Former Fifa president Joao Havelange has died at the age of 100.
The Brazilian was predecessor to Sepp Blatter at world football’s governing body, serving from 1974 to 1998.
He was an International Olympic Committee (IOC) member from 1963 until 2011, resigning because of ill health.
Havelange represented Brazil in swimming at the 1936 Olympics – the year he qualified as a lawyer – before his election to the IOC.
As Fifa president he led the World Cup’s expansion from 16 to 32 teams, with six competitions held under his tenure.
However, his career was also mired in controversy over bribery allegations.
In 2010, a BBC Panorama programme accused Havelange and son-in-law Ricardo Teixeira of taking millions of dollars in bribes from Swiss marketing agency International Sport and Leisure (ISL) to retain the company as Fifa’s sole official marketer.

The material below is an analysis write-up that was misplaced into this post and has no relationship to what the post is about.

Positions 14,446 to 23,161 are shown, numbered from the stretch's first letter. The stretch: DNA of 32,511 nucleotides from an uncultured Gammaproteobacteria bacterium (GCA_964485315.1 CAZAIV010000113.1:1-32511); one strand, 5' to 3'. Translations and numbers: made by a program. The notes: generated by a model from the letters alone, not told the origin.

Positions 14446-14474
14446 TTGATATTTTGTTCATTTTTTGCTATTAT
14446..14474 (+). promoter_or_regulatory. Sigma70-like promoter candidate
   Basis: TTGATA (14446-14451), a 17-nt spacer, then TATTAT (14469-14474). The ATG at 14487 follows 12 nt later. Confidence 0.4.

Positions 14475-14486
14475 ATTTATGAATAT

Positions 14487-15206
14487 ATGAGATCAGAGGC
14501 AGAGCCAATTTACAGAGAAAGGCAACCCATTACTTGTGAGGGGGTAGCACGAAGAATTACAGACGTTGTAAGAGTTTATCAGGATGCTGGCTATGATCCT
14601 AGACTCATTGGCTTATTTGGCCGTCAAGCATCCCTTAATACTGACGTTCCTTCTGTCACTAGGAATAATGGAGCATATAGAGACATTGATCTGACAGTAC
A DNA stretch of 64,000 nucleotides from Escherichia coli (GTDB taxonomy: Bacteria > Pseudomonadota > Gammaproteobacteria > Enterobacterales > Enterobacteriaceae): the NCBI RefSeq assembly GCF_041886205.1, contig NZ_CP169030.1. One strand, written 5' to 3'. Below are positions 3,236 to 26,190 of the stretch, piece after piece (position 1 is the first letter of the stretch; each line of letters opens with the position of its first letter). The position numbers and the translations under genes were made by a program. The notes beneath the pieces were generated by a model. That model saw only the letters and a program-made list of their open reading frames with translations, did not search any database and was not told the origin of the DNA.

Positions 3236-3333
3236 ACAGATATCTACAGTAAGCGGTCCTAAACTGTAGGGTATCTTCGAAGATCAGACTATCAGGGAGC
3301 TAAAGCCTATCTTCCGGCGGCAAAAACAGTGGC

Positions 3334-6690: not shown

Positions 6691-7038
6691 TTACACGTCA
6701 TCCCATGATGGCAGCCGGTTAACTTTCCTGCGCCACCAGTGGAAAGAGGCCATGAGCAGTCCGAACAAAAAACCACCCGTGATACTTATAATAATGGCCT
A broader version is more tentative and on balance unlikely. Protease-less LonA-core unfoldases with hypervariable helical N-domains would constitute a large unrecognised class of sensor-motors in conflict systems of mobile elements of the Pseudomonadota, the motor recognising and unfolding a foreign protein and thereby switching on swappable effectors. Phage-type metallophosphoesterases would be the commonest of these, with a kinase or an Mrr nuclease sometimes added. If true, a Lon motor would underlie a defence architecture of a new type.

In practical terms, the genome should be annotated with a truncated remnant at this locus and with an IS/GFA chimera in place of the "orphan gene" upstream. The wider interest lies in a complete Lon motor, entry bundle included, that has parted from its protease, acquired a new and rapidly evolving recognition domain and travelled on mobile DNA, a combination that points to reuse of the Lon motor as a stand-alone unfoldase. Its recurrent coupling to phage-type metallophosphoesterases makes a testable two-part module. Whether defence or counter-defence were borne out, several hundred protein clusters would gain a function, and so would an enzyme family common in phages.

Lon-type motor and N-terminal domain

His resignation from the IOC five years ago avoided an investigation into the ISL allegations, which Havelange had denied.
In 2012, Teixeira stepped down as head of Brazil’s football federation, a position he filled for 23 years, and resigned from the 2014 World Cup organising committee after coming under pressure over corruption allegations, which he also denied.
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